Best apps for learning about fractions
Fractions can be tricky to master, but these great fractions apps will take the stress out of learning about this essential maths concept.
Best for gameplay
In the first levels of the game, your child simply has to match up the shapes to make a whole – so, for instance, dropping two half-sized ice blocks onto a whole slab of lava. As they progress through the app, the challenges become more tricky, introducing numerator/denominator fractions, equivalent fractions (e.g. knowing that 2/6 is equal to 1/3) and adding and subtracting fractions.
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There are over 140 puzzles for your child to solve, collecting a range of funky hats for their mammoth along the way. The app is intended for children aged five to 12, and once your child has got the hang of it, they can progress to the more advanced version, Slice Fractions 2.
Best for competitive kids
Your child can play against another person or against the computer, with the first to dig up 20 worms the winner. There are also bonuses and setbacks to discover along the way – and once your child has collected their worms, there’s an entertaining animation showing their chicken chowing down.
A particular benefit of this app is that it allows you to set the difficulty level based on your child’s age, so you know they’re tackling the right sort of problems for their year group and stage.
Best for KS1 kids
Pizza Fractions, free, AppleOne of the first steps in learning about fractions is to develop an eye for what different fractions look like. Simple and free, Pizza Fractions is a visually-based app that will help your child become faster and more confident at naming fractions.
In the chef’s pizzeria, your child is presented with a series of pizzas, which lend themselves perfectly to illustrating fractions. They have to choose which fraction is shown from the three multiple choice possibilities below. There are three levels of difficulty, with the first focusing on basic fractions such as 1/2, 1/4 and 1/3, while the harder levels introduce trickier fractions like 1/9, 1/12 and 1/15.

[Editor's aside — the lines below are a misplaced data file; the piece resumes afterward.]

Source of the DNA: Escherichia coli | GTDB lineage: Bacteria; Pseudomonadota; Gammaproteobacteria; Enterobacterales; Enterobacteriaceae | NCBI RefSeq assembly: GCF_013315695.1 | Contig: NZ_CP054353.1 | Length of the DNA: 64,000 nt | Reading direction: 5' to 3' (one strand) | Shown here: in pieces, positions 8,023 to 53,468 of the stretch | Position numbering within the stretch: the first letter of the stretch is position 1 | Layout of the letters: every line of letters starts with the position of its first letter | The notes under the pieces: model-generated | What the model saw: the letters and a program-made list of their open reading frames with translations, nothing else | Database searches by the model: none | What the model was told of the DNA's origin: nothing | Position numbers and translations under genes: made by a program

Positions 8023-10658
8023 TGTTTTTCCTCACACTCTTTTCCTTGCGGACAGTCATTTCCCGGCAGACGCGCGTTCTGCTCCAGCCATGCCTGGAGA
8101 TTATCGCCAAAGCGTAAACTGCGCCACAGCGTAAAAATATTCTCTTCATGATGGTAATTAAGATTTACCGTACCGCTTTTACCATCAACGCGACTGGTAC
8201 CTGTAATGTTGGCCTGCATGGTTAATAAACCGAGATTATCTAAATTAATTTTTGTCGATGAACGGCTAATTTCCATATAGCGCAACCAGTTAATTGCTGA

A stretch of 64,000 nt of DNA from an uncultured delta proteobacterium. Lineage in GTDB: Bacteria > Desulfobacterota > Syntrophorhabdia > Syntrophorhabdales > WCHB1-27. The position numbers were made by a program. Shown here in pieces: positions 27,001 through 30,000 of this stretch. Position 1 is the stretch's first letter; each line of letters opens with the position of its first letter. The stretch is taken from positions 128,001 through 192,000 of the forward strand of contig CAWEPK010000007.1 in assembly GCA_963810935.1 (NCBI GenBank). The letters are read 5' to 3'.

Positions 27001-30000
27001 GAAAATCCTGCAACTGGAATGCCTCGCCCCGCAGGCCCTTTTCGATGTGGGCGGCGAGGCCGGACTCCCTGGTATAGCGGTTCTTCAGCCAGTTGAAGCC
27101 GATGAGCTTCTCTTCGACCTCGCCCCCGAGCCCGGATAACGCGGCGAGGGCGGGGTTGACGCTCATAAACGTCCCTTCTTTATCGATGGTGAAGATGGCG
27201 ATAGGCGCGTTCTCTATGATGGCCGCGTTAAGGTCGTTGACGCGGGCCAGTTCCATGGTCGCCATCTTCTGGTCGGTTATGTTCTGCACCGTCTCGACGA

Each round is timed and scored, so your child can see how they’re improving in accuracy and speed as they play.
Best for KS2 kids
Booop Bop: Bingo Fractions, £2.99, AppleIn Upper KS2, children are expected not just to recognise and be able to name fractions, but to manipulate them in maths problems. Booop Bop uses the popular game of Bingo to help kids get used to solving fractions challenges.
In each round, your child is given fractions problems to solve (for example, 2/10 + 1/10). They have to find the correct answer on the Bingo board and click on it; if they need help, they can click on the robot for a hint on how to tackle the problem. The aim is to get a complete line, and shout Bingo!
There are five different types of fractions game – addition, subtraction, multiplication, division and equality – enabling your child to start with the basics and progress to more challenging calculations, and they can collect new robots and unlock bonus games as they progress.
Best for repeated practice
Fractions +, 99p, AppleThis app is great for helping children achieve automaticity with recognising fractions: a sign that they’ve properly understood what they’ve been learning. It helps them get used to identifying wholes, halves, thirds, quarters, fifths, sixths, eighths and tenths.
The aim of the game is to explode tiles on a grid by lining up three or more matching fractions. Your child has to keep the game going as long as they can, challenging themselves to beat their previous high scores. Be warned: it’s somewhat addictive!
You can opt for your child to work through the games in order, locking the harder levels until they’re progressed through the easier ones, or let them choose from the entire range of games. They’ll also earn stars as they play, with the goal being to achieve three stars: the mark of automaticity.
Best for practising addition with fractions
Fractions with Trains, free, AppleSubtitled The Panda Journey, this app is designed to test your child’s ability to add fractions: a skill they need to master ahead of Year 6 SATs.